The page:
To fully measure the impact of our interdisciplinary collaborations, research efforts, outreach programs, and events, the Center for Science and Society gathers a variety of qualitative and quantitative metrics. We use surveys, narrative reports, and feedback sessions to assess and contextualize the quality and depth of collaborations, their scholastic results, and strategies for overcoming interdisciplinary challenges.
To quantify our reach and growth, we collect data from the number and types of events we organize including attendee and participant demographics, as well as analytics from our website and social media audiences, and information about the funding we award and are awarded every year. Some key metrics from our community:
- Among our academic collaborators, 28% of members come from natural and applied sciences departments, 30% from humanities, and 30% from social science disciplines.
- Since 2014, the Center has awarded more than $150,000 in grants to students and faculty for 56 seed, course development, and public outreach projects.
- Approximately 75% of seed and public outreach grants were awarded to students.
- In 2019-2020, our website received nearly 30,000 visitors from 157 countries and territories, including Ghana, Ecuador, and Bulgaria.
However, numbers alone cannot paint a complete picture. Below are stories from our community members and grant recipients. They attest to the myriad ways that our activities have created new insights and partnerships. Using this information from students, scholars, and the public, the Center is able to evolve and enhance our offerings.
Center Spotlight: Using Science To Help Society
On the frontlines of the pandemic, the Columbia University community has developed new ways for science to help society, both locally and across the world. We spoke with two researchers who have transformed their work in order to help those in need.
Ana Pessoa Pinharanda became Project Manager of the Mask Reutilization Project. Noam Zerubavel volunteered at NewYork-Presbyterian Hospital. Why did they join Columbia's COVID fight? What is life like as a volunteer? How has their previous research prepared them for these new roles? Read the full article to learn more.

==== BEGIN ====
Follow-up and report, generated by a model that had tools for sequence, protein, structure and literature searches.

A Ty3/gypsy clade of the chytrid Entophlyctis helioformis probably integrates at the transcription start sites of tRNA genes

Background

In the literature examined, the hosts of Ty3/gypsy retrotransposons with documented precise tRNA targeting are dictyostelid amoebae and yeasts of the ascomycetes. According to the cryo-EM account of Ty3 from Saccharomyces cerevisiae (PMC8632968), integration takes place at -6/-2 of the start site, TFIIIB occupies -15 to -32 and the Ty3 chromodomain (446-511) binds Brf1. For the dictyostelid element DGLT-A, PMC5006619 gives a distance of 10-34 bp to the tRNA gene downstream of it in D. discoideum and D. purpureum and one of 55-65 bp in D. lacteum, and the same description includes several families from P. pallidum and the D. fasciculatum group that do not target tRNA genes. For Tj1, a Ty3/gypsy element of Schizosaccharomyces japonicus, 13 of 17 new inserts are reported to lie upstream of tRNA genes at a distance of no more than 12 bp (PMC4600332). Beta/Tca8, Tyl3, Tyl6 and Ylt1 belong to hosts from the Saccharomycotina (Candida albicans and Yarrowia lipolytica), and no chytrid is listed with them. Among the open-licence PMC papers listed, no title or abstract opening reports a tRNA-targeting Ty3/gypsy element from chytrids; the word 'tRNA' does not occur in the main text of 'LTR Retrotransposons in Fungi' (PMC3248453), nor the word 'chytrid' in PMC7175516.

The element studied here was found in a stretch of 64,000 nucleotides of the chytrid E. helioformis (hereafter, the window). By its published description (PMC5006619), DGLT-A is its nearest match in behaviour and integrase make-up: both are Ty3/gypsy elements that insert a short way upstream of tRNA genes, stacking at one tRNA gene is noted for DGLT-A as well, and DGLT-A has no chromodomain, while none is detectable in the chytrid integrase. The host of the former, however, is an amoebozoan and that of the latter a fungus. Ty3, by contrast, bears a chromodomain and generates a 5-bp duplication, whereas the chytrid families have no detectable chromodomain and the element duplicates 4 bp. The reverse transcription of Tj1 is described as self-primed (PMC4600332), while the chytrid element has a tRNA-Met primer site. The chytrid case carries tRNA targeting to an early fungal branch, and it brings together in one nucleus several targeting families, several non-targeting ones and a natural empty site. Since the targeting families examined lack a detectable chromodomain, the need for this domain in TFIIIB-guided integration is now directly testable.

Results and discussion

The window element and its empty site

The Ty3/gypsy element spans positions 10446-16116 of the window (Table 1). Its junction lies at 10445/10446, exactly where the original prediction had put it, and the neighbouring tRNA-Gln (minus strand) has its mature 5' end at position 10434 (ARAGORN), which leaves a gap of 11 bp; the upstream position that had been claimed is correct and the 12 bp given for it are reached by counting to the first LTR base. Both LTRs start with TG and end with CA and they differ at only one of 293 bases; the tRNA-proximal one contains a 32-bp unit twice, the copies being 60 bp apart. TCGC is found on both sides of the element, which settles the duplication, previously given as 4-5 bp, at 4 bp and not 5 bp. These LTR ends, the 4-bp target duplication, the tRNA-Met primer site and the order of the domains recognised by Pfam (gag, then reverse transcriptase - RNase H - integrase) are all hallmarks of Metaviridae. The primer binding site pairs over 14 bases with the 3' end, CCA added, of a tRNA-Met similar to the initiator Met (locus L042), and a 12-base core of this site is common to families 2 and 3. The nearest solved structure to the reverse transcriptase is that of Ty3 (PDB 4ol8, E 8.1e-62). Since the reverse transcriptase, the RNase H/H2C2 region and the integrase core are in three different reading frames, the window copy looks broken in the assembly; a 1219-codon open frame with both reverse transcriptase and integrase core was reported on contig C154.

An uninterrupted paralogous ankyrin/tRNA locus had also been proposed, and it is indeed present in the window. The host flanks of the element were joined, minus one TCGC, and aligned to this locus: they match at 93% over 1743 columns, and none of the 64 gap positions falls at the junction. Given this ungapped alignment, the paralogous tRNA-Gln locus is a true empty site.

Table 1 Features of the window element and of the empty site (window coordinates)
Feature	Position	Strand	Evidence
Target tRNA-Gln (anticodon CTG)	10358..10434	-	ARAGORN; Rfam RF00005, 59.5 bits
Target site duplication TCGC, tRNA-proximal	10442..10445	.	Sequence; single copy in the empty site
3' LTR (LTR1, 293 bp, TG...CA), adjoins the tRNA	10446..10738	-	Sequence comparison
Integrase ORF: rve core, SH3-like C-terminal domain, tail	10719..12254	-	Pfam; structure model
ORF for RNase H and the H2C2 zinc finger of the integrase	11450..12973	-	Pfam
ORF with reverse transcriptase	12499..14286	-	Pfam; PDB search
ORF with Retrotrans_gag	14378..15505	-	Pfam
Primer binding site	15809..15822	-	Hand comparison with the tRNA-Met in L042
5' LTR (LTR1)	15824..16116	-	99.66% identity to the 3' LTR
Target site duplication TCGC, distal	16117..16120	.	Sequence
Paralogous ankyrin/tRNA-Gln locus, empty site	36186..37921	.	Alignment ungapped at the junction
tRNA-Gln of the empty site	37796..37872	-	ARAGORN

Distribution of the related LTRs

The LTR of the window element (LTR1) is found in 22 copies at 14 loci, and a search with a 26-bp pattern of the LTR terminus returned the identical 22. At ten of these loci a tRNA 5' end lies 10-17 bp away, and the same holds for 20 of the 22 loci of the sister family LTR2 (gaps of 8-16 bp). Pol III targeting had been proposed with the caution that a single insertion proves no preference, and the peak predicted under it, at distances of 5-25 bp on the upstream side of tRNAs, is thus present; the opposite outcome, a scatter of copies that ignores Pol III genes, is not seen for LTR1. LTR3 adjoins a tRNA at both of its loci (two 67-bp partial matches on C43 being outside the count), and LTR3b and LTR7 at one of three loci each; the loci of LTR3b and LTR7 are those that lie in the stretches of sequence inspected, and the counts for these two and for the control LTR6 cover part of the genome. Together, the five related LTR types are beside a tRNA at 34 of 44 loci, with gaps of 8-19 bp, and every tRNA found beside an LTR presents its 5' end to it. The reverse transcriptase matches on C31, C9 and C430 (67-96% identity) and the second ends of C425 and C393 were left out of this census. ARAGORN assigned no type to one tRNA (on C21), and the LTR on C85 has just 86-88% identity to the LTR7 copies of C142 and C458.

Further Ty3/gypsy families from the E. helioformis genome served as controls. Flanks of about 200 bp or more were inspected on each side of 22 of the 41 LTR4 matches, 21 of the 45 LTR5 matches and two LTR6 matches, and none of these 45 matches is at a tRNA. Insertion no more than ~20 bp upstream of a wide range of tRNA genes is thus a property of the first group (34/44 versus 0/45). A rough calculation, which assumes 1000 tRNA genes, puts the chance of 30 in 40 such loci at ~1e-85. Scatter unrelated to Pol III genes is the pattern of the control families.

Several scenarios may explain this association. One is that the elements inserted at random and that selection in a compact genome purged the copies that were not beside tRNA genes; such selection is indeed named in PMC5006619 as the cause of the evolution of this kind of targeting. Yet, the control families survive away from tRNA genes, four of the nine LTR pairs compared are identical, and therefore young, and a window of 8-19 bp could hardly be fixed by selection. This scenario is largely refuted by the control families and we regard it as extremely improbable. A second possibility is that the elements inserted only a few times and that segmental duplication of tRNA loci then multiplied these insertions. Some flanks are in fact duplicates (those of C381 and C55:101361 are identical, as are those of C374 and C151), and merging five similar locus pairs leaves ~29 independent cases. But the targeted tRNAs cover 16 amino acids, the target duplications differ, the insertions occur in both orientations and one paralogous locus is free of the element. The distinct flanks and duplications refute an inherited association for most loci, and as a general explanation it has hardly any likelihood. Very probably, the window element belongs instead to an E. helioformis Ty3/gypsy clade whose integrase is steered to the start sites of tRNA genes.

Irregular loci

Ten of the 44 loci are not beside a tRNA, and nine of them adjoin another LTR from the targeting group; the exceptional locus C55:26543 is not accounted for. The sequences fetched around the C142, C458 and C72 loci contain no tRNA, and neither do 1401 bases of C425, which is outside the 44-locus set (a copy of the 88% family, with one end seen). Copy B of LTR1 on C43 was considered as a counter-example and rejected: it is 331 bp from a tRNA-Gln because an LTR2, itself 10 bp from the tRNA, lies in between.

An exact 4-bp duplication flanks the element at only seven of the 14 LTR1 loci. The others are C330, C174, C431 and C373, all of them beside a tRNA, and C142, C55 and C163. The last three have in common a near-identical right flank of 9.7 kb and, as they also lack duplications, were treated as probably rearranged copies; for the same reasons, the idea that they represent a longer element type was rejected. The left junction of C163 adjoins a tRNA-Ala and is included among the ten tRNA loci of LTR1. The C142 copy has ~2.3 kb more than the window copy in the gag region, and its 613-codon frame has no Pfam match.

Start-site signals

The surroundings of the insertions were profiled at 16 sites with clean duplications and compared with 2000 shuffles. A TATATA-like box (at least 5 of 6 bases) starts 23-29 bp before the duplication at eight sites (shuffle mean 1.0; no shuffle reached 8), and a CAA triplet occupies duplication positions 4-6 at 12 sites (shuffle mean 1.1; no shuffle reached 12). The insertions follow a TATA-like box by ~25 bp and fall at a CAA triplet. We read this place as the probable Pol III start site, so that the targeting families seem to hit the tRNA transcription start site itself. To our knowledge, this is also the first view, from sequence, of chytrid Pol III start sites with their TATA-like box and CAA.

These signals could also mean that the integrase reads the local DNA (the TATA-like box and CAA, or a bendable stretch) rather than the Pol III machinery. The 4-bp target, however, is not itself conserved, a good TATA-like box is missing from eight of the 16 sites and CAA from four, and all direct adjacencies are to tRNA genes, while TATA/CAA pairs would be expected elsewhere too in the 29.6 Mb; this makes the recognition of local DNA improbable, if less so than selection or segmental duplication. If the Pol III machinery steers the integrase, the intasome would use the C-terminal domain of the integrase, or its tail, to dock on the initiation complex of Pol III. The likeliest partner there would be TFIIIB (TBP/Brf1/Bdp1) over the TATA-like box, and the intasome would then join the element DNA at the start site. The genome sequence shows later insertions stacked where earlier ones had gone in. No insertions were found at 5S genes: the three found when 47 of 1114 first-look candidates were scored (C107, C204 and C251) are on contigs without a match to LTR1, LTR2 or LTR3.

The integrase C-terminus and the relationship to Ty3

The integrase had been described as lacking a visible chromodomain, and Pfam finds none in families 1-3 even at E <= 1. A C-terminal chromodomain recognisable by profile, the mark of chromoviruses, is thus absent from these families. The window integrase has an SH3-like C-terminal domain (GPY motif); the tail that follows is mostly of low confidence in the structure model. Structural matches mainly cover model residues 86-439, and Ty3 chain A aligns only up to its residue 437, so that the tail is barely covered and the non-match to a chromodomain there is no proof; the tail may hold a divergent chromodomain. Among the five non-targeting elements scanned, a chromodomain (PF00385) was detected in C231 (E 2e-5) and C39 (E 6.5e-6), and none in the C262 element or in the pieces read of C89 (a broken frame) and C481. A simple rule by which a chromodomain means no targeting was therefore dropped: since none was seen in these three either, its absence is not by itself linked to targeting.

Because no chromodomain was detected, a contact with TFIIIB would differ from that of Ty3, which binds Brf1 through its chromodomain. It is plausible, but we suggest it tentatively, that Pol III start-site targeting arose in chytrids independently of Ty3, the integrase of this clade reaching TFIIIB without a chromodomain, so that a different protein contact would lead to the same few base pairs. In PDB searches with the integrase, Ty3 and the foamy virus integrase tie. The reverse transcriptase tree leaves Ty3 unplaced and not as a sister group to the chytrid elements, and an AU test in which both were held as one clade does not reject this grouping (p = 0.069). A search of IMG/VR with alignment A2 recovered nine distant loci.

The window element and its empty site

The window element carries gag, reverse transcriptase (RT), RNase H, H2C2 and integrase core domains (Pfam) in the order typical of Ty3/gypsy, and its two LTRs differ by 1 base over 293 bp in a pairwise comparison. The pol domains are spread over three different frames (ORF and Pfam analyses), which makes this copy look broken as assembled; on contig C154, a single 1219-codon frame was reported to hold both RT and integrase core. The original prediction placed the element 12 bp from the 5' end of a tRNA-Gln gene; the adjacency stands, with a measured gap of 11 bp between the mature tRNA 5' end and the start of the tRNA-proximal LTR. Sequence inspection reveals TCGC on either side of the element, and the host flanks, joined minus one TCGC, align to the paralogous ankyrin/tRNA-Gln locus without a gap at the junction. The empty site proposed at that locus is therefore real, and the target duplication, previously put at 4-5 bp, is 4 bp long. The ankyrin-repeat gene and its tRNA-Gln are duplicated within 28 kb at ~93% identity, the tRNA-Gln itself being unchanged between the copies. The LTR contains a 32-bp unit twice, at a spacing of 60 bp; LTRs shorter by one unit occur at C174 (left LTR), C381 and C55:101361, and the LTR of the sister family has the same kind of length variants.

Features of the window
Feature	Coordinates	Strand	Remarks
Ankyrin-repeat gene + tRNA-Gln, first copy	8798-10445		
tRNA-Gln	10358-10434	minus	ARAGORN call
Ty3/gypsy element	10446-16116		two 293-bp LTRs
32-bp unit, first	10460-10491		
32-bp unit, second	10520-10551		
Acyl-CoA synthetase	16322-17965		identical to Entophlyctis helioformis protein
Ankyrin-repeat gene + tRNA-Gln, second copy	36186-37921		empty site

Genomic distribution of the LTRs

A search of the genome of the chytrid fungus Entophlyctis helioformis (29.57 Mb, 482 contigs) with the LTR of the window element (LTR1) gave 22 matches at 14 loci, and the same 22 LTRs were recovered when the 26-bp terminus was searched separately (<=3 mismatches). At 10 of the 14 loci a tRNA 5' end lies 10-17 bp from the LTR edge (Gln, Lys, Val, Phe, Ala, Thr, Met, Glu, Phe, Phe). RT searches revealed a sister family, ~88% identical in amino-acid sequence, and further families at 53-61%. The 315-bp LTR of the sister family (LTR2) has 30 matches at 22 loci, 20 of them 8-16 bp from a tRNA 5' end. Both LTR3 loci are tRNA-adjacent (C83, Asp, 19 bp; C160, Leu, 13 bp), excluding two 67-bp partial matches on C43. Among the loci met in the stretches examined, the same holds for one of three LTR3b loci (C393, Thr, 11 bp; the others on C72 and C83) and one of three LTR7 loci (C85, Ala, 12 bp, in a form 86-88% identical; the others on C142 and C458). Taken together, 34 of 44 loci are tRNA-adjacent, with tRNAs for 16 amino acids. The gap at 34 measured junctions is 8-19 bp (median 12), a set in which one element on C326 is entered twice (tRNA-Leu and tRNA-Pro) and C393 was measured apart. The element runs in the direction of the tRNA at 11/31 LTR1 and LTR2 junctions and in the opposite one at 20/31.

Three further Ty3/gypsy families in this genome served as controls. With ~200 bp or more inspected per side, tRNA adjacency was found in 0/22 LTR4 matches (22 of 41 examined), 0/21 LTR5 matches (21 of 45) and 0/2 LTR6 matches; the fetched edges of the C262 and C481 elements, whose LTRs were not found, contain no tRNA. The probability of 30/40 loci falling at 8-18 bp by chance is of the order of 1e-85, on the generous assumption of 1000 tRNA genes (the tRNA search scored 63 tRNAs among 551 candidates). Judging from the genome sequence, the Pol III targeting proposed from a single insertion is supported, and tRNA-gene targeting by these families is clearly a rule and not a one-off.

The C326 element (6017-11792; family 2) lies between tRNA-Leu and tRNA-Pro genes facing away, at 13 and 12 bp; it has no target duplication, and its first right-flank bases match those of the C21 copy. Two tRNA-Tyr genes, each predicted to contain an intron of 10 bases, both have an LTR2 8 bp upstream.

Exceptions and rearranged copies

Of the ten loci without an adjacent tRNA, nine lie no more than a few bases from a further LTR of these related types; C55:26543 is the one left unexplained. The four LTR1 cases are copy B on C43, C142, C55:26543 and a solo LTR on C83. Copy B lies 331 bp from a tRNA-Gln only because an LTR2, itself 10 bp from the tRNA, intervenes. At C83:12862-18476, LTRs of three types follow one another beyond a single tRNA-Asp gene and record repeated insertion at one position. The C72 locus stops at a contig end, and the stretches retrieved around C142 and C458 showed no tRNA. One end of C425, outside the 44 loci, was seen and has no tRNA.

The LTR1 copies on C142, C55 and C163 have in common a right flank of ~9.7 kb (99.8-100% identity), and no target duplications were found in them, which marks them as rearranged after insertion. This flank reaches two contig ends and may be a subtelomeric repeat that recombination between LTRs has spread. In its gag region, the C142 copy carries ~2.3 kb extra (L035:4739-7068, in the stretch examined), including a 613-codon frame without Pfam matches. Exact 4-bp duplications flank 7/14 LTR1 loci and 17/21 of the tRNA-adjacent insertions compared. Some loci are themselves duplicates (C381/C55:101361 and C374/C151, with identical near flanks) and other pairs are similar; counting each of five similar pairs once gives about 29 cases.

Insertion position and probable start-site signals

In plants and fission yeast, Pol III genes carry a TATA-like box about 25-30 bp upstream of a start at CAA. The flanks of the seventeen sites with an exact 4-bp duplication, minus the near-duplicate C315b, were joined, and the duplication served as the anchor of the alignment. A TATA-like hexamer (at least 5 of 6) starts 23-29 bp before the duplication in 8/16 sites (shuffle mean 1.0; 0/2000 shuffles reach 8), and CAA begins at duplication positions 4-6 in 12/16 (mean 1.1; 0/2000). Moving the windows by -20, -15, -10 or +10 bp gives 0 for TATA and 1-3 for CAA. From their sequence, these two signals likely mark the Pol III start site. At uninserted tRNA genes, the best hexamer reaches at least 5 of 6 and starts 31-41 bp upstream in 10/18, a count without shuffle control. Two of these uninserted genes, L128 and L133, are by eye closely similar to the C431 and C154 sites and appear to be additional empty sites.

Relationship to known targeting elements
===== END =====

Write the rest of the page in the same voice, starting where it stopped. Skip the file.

Center Spotlight: Students Imagine Life After COVID-19
We reached out to students across Columbia University to imagine how the world will look in 6-12 months, with or without a vaccine. As part of a generation of young adults who have grown up in an era of rapid technological advances and significant political and social change, and who were working and studying in NYC until the virus uprooted their lives, we were eager to hear their perspectives.
See the full article with comments from undergraduate and graduate students in science and engineering, the social sciences, public health, and humanities.
Co-Teaching Spotlight: Philosophy of Psychology
Interdisciplinary research and teaching are at the core of the Center for Science and Society’s mission. The next phase of our co-teaching initiative: providing grants to increase the number of interdisciplinary co-taught courses at Columbia.
A new course this spring, “Philosophy of Psychology” pairs John Morrison, Associate Professor of Philosophy, and Raphael Gerraty, Presidential Scholar in Society and Neuroscience. Learn more about their thought process in developing it as well as their experiences co-teaching in the full article.
Public Outreach Spotlight: New York's Science History
The Center is proud to support public outreach projects that showcase science history in New York City: Metropolis of Science and Confluence: The History of North American Rivers. Thanks to their user-friendly formats, both platforms encourage audiences to explore overlooked sites of scientific importance throughout the city. Our work-study student Ariana traveled to ten locations in Upper Manhattan and along the Harlem River.
Read about Ariana's journey from the "Fly Room" to the subway platform that doubled as a radiation laboratory in the full article.
Learn more about new cluster leader Rhiannon Stephens and her plans for the cluster in 2021.